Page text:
At the bottom of this post are two love songs.
They are both by the same dude. His name is Mason Jennings. I am not really sure if I like Mr. Jennings as a complete artist, but I do know that I really dig these two. I can’t really say the same for the rest of his catalog, though I probably haven’t listened to enough of it to really make a fair assessment.
I really enjoy the contrast in terms of the types of love presented in these two songs. “Duluth” is a pure and almost naive love. It is the young ideal of love, the saccharine essence in all of us when we were younger and less cynical (or is that just me?) that told us, “This is what love should be.” Even with its sappy theme of prevailing love and a settled and happy life, there is still an undercurrent of danger, or fear, at the very least, that runs through the song. Lines like “Girl you better watch your self/ ’cause a railroad man is an absent man,” add a bit of worry to how the love might one day leave and never return. At the very least, this line implies that there is danger in love, especially when a railroad man is involved.
Then there is this, “Soon his burdens will be mine,” also showcasing the fact that love is work and is full of dangers and burdens. And the final thing, for me, that comprises this undercurrent of fear or uncertainty concerning love is the musical accompaniment of a single beating drum and either a tambourine or a snare (I can’t tell the difference) to his vocals, which are haunting in their simplicity and the feeling of utter devotion they convey. They character using his voice to sing is obviously deeply in love with her railroad man.
I want to be clear that ultimately I think the song is about the ideal of love, especially first loves, or loves that happen to make you feel like you have found the one. My point in the preceding paragraphs was simply that there is an undercurrent of gray that runs through the song, and that is what saves the song for me. Without this nod to the maturation process that loves goes through as it grows from young puppy love to something more stable but no less emotional or fulfilling the song would be nothing more than chocolate pancakes covered in whip cream and chocolate sauce. Or maybe this is a better example of how sickeningly cute it would be, and I probably wouldn’t like it nearly as much.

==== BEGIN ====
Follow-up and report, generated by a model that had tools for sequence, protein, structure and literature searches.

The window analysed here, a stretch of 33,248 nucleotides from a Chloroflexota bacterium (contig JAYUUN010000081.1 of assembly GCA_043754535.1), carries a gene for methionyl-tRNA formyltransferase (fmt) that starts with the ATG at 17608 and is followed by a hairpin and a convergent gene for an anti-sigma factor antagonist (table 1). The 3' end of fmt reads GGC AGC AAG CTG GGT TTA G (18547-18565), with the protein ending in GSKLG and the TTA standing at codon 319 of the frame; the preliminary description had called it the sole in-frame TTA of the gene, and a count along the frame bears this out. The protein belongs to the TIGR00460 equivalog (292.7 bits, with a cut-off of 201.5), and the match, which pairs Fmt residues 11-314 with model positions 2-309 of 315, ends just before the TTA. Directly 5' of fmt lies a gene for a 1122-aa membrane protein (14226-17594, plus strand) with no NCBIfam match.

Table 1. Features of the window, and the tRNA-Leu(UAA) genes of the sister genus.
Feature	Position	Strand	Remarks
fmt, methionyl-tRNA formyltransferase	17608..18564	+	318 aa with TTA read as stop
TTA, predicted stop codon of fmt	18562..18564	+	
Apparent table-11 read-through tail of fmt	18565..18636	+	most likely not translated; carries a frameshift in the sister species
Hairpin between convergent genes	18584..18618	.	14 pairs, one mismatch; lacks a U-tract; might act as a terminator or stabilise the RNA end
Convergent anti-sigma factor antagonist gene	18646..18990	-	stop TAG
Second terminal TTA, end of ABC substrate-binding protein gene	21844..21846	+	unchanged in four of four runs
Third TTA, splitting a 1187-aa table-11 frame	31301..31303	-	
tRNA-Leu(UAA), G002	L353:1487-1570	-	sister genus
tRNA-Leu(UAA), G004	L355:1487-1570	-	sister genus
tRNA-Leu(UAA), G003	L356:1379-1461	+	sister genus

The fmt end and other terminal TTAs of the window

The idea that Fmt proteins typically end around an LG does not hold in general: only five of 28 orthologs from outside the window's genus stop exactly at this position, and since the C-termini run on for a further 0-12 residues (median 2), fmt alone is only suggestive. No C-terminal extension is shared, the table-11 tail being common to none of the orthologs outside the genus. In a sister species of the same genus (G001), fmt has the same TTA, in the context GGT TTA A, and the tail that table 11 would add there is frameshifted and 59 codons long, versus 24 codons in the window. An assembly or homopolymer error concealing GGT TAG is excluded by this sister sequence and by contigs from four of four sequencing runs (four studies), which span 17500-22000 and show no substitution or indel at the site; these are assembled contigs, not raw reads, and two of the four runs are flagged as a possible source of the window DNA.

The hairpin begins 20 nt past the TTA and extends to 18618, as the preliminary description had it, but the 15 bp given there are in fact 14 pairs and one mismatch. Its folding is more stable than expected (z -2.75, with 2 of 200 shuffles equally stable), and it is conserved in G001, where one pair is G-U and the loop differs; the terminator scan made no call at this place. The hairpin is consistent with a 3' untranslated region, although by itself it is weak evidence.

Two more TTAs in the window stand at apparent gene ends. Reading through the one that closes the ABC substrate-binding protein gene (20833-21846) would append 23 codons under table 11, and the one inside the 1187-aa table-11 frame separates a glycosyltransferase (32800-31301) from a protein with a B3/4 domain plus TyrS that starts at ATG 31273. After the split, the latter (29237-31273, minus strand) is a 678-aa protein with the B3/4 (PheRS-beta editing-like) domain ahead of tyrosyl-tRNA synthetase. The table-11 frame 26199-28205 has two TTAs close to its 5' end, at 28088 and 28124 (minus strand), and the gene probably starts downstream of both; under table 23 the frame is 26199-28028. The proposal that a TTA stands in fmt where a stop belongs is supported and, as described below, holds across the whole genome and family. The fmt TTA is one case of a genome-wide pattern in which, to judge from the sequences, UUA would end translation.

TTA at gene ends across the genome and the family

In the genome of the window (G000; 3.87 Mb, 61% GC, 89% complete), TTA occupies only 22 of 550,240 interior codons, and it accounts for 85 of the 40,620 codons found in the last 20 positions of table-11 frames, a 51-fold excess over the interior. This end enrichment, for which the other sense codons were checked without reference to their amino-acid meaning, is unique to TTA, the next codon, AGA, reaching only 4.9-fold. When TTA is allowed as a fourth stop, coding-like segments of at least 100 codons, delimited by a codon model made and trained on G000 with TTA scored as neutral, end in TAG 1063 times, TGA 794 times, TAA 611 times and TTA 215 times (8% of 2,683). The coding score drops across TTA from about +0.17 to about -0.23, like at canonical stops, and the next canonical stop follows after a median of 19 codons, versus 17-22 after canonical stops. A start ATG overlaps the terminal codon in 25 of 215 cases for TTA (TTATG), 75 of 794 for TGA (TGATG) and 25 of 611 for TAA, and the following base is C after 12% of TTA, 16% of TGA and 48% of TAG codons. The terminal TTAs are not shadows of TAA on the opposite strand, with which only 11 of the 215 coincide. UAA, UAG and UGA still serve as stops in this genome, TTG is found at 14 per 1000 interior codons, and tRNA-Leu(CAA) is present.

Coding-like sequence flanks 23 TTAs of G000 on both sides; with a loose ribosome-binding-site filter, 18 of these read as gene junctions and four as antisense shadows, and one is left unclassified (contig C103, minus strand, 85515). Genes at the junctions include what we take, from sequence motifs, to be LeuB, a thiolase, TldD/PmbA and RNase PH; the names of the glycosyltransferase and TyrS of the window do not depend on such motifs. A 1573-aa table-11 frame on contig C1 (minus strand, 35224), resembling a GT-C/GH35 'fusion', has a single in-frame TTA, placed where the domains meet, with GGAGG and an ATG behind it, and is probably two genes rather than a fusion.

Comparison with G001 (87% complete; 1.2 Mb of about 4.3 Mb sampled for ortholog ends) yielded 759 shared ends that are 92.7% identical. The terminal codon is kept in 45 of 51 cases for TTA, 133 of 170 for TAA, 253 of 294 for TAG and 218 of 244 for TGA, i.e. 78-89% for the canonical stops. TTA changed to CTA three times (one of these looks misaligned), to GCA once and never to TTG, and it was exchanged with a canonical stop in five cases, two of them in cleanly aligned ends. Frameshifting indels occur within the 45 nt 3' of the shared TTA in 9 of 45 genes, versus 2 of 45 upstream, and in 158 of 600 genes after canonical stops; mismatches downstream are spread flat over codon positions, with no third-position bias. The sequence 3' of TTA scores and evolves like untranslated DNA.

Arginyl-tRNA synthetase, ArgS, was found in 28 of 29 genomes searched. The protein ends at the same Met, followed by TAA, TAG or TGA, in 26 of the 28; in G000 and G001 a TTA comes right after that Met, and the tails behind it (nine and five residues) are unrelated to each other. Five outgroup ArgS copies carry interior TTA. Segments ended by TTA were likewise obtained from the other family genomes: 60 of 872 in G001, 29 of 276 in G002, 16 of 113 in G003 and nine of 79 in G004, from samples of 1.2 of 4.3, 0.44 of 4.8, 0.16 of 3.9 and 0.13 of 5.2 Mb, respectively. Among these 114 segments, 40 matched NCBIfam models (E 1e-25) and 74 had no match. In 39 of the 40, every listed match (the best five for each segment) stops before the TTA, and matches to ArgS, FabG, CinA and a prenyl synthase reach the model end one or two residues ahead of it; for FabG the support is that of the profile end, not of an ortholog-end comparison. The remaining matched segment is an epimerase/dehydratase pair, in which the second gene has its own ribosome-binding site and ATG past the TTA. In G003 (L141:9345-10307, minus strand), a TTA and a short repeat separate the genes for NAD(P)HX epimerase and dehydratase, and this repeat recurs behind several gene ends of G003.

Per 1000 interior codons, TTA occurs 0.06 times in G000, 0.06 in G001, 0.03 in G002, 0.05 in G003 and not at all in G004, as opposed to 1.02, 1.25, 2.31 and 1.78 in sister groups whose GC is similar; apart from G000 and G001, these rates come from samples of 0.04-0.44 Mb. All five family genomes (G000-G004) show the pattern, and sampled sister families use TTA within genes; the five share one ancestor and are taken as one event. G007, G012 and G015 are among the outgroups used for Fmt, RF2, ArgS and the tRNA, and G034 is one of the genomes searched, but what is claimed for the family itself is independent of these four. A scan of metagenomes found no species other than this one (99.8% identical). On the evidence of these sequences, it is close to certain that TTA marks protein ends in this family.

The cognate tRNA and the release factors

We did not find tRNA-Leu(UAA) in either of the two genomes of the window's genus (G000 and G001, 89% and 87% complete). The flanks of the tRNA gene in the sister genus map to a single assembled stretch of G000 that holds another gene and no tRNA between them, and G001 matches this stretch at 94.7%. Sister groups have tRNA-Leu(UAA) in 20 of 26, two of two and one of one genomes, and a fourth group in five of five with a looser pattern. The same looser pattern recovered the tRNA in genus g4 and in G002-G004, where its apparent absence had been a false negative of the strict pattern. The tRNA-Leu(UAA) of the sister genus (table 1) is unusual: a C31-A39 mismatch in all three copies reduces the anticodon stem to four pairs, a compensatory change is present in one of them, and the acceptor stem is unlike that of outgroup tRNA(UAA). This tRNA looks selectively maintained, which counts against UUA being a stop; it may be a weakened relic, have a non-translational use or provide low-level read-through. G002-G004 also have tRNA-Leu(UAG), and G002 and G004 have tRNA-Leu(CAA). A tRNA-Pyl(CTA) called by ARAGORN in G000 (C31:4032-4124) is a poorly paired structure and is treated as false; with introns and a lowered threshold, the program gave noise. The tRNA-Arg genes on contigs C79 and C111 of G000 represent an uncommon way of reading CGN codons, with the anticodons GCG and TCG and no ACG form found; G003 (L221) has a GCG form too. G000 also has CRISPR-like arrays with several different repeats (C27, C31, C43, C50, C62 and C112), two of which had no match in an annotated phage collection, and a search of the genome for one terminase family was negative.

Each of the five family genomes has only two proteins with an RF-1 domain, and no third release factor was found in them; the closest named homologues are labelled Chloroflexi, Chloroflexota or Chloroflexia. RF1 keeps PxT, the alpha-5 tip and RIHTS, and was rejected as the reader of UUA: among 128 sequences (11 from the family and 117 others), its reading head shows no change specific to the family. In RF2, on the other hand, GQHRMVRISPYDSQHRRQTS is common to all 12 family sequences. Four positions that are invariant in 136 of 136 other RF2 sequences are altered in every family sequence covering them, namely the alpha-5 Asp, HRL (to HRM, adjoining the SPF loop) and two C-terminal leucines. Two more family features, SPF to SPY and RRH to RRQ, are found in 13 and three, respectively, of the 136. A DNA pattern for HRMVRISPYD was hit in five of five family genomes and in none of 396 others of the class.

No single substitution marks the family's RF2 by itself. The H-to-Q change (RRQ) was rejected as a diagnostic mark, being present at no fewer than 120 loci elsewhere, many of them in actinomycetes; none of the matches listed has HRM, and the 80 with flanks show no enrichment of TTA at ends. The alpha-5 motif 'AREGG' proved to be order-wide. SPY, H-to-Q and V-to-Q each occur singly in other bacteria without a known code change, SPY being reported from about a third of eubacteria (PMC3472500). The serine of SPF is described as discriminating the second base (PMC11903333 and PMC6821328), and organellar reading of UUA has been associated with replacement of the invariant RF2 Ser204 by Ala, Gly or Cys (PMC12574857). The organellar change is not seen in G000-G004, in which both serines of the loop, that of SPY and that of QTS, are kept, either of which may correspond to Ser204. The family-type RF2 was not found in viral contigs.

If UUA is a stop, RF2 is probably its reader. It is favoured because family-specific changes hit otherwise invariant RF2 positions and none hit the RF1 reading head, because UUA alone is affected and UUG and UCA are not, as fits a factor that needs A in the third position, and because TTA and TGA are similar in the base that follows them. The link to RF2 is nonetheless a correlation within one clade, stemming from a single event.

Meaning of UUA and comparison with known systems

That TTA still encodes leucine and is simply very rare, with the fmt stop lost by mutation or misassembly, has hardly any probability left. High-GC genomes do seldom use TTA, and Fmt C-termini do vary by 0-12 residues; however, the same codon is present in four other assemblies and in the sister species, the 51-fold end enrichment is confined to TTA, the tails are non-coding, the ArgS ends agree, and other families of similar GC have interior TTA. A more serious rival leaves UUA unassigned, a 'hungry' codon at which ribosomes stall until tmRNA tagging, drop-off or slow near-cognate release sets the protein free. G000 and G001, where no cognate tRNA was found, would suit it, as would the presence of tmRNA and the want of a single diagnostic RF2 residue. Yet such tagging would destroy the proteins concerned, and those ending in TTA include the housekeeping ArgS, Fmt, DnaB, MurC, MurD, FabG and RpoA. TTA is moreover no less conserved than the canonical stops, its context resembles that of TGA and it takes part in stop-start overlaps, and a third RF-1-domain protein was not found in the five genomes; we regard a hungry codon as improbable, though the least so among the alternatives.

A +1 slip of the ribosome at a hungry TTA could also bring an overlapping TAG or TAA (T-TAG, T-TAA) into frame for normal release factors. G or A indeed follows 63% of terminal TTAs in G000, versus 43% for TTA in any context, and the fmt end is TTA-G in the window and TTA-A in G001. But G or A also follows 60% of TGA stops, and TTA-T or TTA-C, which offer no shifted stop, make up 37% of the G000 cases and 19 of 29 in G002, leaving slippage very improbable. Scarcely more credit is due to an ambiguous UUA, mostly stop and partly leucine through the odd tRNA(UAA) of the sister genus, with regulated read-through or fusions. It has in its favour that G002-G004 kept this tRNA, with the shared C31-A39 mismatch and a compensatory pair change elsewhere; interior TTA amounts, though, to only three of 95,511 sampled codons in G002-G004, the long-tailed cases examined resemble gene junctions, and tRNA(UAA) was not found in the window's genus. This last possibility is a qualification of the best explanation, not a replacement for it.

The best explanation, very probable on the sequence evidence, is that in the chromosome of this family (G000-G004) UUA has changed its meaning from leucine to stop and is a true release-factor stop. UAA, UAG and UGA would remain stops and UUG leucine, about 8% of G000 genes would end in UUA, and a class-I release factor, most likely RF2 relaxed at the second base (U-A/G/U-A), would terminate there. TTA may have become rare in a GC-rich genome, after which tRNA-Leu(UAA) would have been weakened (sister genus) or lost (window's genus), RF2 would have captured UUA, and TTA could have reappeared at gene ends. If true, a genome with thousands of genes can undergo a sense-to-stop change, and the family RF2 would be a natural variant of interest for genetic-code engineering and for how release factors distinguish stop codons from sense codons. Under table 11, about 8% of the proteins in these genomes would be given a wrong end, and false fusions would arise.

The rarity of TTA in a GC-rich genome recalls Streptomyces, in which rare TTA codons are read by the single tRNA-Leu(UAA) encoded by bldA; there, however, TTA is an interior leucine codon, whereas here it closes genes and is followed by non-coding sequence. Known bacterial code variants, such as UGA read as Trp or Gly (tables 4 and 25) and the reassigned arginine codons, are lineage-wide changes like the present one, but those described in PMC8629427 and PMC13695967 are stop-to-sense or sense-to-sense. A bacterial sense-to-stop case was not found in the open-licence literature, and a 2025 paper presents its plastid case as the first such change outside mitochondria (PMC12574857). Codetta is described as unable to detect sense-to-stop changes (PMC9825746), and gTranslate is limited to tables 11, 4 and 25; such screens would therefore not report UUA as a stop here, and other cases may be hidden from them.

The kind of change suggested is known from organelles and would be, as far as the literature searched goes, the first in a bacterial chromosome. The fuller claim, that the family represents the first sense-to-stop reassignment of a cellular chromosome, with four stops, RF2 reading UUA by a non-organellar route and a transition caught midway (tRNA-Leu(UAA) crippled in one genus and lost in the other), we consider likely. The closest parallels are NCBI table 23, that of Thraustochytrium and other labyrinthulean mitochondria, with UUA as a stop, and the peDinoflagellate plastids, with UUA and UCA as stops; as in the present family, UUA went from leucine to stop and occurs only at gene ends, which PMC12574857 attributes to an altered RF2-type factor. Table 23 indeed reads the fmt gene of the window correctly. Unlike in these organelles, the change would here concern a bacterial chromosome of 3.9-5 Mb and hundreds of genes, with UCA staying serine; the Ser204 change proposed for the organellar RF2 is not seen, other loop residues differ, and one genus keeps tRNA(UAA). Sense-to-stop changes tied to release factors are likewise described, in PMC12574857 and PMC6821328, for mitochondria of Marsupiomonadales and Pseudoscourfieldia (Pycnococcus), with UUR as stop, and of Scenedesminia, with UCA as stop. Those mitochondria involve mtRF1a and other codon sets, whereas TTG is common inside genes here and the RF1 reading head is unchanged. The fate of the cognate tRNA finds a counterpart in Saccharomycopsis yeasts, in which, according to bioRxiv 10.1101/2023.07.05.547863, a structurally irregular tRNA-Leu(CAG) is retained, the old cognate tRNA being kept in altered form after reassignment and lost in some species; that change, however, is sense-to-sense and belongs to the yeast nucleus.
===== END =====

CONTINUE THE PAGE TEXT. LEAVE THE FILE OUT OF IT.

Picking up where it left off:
“Bullet,” on the other hand, is a bitingly bitter and hilarious love song. It tells the tale of a jilted lover, or at least some stuck in a poisonous relationship, who is angry about the situation. It is obvious that he is dealing with betrayal in love and relationships. The line, “All the alleyways in Amsterdam could not compete against the Wall Street speed with which you leave your feet,” tells us everything we need to know about this relationship and how love is treated. Of course the very opening line of the song, “This is a bullet from a gun called what the fuck,” lets us know that we are entering a bad situation, but one that we will not be able to help but laugh at, and that initial impression is rewarded with laughter and vindicated by the chorus: “This song is a joke, funny like my fingers in your bicycle spokes. “In “Bullet” we see the downside of love, albeit through an upbeat musical score, a jocular tone in the singer’s voice, and some witty and humorous lyrics. But here we have the pain that comes when love betrays and how this pain causes us to feel. Fortunately, the humor in the song makes it easier to swallow the bitter pill of “Bullet” because otherwise it might be too depressing, or heavy handed.
Just like “Duluth” needs the gray undercurrent to tone down its message of pure and idealistic love, “Bullet” needs the optimistic upbeat music and the near-joking tone in the vocals (I don’t know about you, but I can almost hear him smiling as he sings the song) to make the sourness and pain of this poisonous relationship that is described easier to handle. If either song leaned too far toward its basic thematic elements, neither one would be listenable and the world would be without two songs about love by the same artist that are refreshingly different from one another.
And now without further ado:
The full version of “Duluth” has been deleted from Youtube, so here is a shortened live version, but I still think my argument holds true.